• I meant that for $m > 1$ we have $V_1 = V_2$. – Franz Lemmermeyer Feb 13 '17 at 22:38
• If ${\mathfrak p} = {\mathfrak P}^2$ in a quadratic extension $L/K$, then ${\mathfrak P}^2 \cap O_K = {\mathfrak p}$. – Franz Lemmermeyer Feb 24 '17 at 21:42
• All such extensions are cyclotomic, and for cyclotomic extensions computing the ramification groups is a simple exercise: do it for the full cyclotomic field and then climb down to the $p$-extension using Hilbert's formula for the different. I think I'll find the time to do the calculation next week if you're willing to wait a little while. – Franz Lemmermeyer Feb 26 '17 at 9:39

As promised, here are my calculations of the higher ramification groups in certain cyclotomic extensions.

Let $G$ denote the Galois group of the field $L$ of $p^n$-th roots of unity, and consider the Hilbert subgroups for the completely ramified prime $p$. The decomposition group and the inertia both are equal to $G$. For computing the higher ramification groups, observe that if $\sigma(\zeta) - \zeta \in {\mathfrak p}^j$ for some $j \ge 1$, then $\sigma(\alpha) - \alpha \in {\mathfrak p}^j$ for all $\alpha \in {\mathbb Z}[\zeta]$. Thus we only need to look at the action of $\sigma$ on roots of unity.

Let $\sigma_a: \zeta \to \zeta^a$. Then clearly

$$(\zeta^{a-1}-1) = \begin{cases} {\mathfrak p} & \text{ if } a-1 \in {\mathbb Z} \setminus p{\mathbb Z}, \\ {\mathfrak p}^p & \text{ if } a-1 \in p{\mathbb Z} \setminus p^2{\mathbb Z}, \\ {\mathfrak p}^{p^2} & \text{ if } a-1 \in p^2{\mathbb Z} \setminus p^3{\mathbb Z}, \\ \cdots & \quad \cdots \\ {\mathfrak p}^{p^{n-1}} & \text{ if } a-1 \in p^{n-1}{\mathbb Z} \setminus p^n{\mathbb Z}. \end{cases}$$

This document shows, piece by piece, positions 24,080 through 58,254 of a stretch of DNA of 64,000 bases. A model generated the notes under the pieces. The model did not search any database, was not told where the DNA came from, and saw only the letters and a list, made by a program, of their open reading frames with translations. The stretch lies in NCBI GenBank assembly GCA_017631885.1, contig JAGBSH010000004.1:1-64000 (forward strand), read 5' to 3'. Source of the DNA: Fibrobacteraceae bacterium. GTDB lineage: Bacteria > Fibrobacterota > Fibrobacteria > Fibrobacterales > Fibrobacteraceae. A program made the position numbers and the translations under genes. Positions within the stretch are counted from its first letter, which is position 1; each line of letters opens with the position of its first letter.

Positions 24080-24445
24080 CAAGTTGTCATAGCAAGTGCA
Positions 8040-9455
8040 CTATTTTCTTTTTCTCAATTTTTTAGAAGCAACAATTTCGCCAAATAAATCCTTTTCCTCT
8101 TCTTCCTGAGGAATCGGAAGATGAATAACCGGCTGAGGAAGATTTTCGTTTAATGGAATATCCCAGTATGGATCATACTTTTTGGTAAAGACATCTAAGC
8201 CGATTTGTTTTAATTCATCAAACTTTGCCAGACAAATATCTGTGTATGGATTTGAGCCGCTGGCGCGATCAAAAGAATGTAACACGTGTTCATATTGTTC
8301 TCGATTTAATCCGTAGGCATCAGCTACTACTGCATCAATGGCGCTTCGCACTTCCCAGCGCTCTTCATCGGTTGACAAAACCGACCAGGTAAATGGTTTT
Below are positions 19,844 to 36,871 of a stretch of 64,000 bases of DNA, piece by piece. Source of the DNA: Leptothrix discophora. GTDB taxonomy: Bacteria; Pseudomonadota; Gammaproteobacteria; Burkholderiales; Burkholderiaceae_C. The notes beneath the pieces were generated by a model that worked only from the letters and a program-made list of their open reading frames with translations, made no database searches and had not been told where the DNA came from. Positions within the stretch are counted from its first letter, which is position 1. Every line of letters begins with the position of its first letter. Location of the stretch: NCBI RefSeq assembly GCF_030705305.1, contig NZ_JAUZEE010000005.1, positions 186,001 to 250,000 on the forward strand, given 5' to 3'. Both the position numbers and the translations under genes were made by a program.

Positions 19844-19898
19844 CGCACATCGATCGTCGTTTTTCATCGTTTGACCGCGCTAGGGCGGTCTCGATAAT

This gives us the higher ramification groups:

$$\begin{array}{lllll} V_1 & = \ V_2 & = & \ldots = V_{p-1} & \simeq {\mathbb Z}/p^{n-1}{\mathbb Z}, \\ V_p & = \ V_{p+1} & = & \ldots = V_{p^2-1} & \simeq {\mathbb Z}/p^{n-2}{\mathbb Z}, \\ V_{p^2} & = \ V_{p^2+1} & = & \ldots = V_{p^3-1} & \simeq {\mathbb Z}/p^{n-3}{\mathbb Z}, \\ & \ \ldots & & & \\ V_{p^{n-2}} & = \ V_{p^{n-2}+1} & = &\ldots = V_{p^{n-1}-1} & \simeq {\mathbb Z}/p{\mathbb Z}, \\ V_{p^{n-1}} & = \ 1 & & & \end{array}$$

Next we use Herbrand's theorem on the determination of ramification groups for subfields. Let $H$ be the subgroup of $G$ fixing the subextension $K$ of degree $p^{n-1}$; then $H$ has order $p-1$, and it only has the neutral element in common with the higher ramification groups. This implies that the higher ramification groups in $L/K$ are all trivial, and that $n_2 = n_3 = \ldots = 1$ in the notation of his article over here (modern representations of his result invoke the "upper numbering" which I haven't looked at for some time), and this in turn implies that the ramification groups "collapse" by a factor of $n_1 = p-1$. By this I mean the following: instead of $p-1$ ramification groups $\simeq {\mathbb Z}/p^{n-1}{\mathbb Z}$ there is only one such group for $K/{\mathbb Q}$, namely $V_1$. Instead of $p^2-p$ ramification groups $\simeq {\mathbb Z}/p^{n-2}{\mathbb Z}$ there are now $p$ such groups, namely $V_2 = \ldots = V_{p+1} \simeq {\mathbb Z}/p^{n-2}{\mathbb Z}$, and so on. In particular, $V_2 \ne G$ whenever $K$ is cyclotomic of prime power degree. In particular there cannot exist examples with $V_2 = G$ by Kronecker-Weber.

As a sanity check I computed the discriminant of $K$ (in the case $n = 3$) using Hilbert's formula for the different and obtained disc$(K) = p^k$ with $k = 3p^2 - p - 2$, which agrees with calculations done by pari for $p =3, 5, 7$.